Last week, the following books made me a willing captive to their wiles:

“David Copperfield” by Charles Dickens. I always have at least one classic novel under way. Last summer was the Summer of Thomas Hardy; this summer, it’s Dickens. I finished the final chapters over the weekend. I thoroughly identified with “the wandering ardour and unsettled purpose” of young Dave.

“Black Hole Blues and Other Songs from Outer Space” by Janna Levin. Who doesn’t love astrophysics? Levin’s patiently lucid book explains how gravitational waves created by black holes kindle symphonies deep in the universe.

“The Uninvited Guests” by Sadie Jones. I’d never heard of Jones, but saw the paperback at a Barnes and Noble and couldn’t resist the elegant cover. It’s a darkly funny comedy of manners, as the residents of a crumbling British estate in 1912 fend off the ravages of time and social change.

“Angle of Repose” by Wallace Stegner. There are no independent bookstores near my home, so I make do by scouring my local Goodwill store, trusting to happenstance and serendipity to lead me to what I need. That’s where I snatched up (for a thin dime) this Pulitzer Prize-winning novel from 1971, a sprawling, brilliant epic about the settling of the American West. Think Larry McMurtry without the raised eyebrow and the smug wink.

“Against the Fall of Night” by Arthur C. Clarke. Another gem from Goodwill, this is one of Clarke’s early novels (1953). A kid who lives in a safe, settled world decides to risk everything to satisfy his curiosity. It’s the kind of rattling yarn I would have loved when I was twelve years old. Wait—I still do.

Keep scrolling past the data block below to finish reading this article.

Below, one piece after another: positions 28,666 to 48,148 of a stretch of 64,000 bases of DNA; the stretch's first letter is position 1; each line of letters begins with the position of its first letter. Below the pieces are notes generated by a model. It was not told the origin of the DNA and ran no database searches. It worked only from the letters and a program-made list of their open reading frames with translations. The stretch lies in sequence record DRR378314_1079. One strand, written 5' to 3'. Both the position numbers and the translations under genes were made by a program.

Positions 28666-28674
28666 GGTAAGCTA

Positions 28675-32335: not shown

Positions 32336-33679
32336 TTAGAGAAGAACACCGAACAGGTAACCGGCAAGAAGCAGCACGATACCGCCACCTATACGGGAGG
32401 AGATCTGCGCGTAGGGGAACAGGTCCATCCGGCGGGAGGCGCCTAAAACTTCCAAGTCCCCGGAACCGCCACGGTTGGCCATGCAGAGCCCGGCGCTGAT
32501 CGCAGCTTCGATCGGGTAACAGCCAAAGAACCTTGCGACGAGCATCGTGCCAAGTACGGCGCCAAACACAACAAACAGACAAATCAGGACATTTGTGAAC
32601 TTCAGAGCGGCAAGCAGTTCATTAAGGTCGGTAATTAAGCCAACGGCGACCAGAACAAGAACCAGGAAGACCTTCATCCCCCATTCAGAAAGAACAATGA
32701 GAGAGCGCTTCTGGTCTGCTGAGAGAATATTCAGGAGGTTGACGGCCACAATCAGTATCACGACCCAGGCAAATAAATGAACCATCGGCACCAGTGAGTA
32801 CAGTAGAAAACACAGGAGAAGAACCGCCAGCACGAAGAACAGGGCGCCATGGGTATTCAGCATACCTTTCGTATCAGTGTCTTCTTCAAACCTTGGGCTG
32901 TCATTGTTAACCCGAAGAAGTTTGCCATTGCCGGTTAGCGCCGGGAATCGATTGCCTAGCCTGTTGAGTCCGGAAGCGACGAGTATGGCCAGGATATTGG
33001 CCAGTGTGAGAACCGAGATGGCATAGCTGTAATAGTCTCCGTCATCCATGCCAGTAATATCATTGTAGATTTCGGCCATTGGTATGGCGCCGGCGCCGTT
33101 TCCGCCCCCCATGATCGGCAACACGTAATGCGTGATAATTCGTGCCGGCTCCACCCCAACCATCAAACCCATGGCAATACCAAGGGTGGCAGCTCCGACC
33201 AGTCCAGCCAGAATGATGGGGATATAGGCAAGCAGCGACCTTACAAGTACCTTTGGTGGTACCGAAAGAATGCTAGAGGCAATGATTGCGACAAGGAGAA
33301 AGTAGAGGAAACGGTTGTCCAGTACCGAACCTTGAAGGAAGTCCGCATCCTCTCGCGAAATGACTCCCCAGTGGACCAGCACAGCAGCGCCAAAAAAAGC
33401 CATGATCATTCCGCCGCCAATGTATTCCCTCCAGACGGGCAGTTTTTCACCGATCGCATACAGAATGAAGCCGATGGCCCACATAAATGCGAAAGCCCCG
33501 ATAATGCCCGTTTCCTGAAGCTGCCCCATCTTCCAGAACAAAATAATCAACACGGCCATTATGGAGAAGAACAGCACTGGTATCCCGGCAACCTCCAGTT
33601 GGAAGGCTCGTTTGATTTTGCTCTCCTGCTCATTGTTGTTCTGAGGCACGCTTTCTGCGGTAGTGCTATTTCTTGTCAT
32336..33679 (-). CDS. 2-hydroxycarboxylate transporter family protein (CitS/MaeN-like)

“Thin Slices of Anxiety: Observations and Advice to Ease a Worried Mind,” a graphic novel by Catherine LePage. Like a gin and tonic at dusk, this brief, lovely book about frenetic fretting and odious overthinking can help get you through the night.

Julia's week in a nutshell

David Copperfield (1850)
Black Hole Blues and Other Songs from Outer Space (2016)
The Uninvited Guests (2013)
Angle of Repose (1971)
Against the Fall of Night (1953)
Thin Slices of Anxiety: Observations and Advice to East a Worried Mind (2016)

Sorrow Road will be published August 23rd  9781250089588 
Last Ragged Breath is out in paper July 19th  9781250044761

Jul 12, 2016

The Asset, Shane Kuhn

Operation Red Carpet just recruited their new leader, Kennedy and he’ll tell you that the job interview was terrifying. This CIA ghost operation is intended to prevent a terrorist threat which, if the Red Carpet team can’t stop it, will leave the US a shattered wreck. 

The team are desperate for intelligence, they don’t know the nature of the attack but they have an idea of the time frame. They have 63 days to save America and worse news reaches them, the terrorist has caught wind of their plans and deployed an asset of his own. With his team falling around him it’s down to Kennedy to stop a catastrophe but how can he do that when he’s been declared a fugitive? Fasten your seatbelt, this is one hell of a ride.

Jul 5, 2016

Wolf Lake, John Verdon

Could a nightmare cause four deaths? Dave Gurney, Jack Hardwick and a very reluctant Maddie Gurney are about to find out.

Four men, four different parts of the country, all related the same dream to people close to them and all of them are now dead. With unseemly haste the police have zeroed in on psychologist Richard Hammond who refuses to defend himself against such ridiculous accusations and is being ripped apart in the media.

Hammond’s sister hires Jack and by extension Gurney to clear her brother’s name. Gurney is convinced into stopping off for a night at the Wolf Lake resort something Maddie isn’t too upset about, for once. As his interest in the case deepens and Maddie begins acting strangely Gurney begins to believe that some very powerful people have it in for Richard Hammond and that Maddie may be losing her mind. Dave believes the root of the case lies in some very old ground indeed, before he can establish a link between the four victims a killer storm hits the Wolf Lake lodge trapping the Gurneys and their suspects inside and then the power goes out…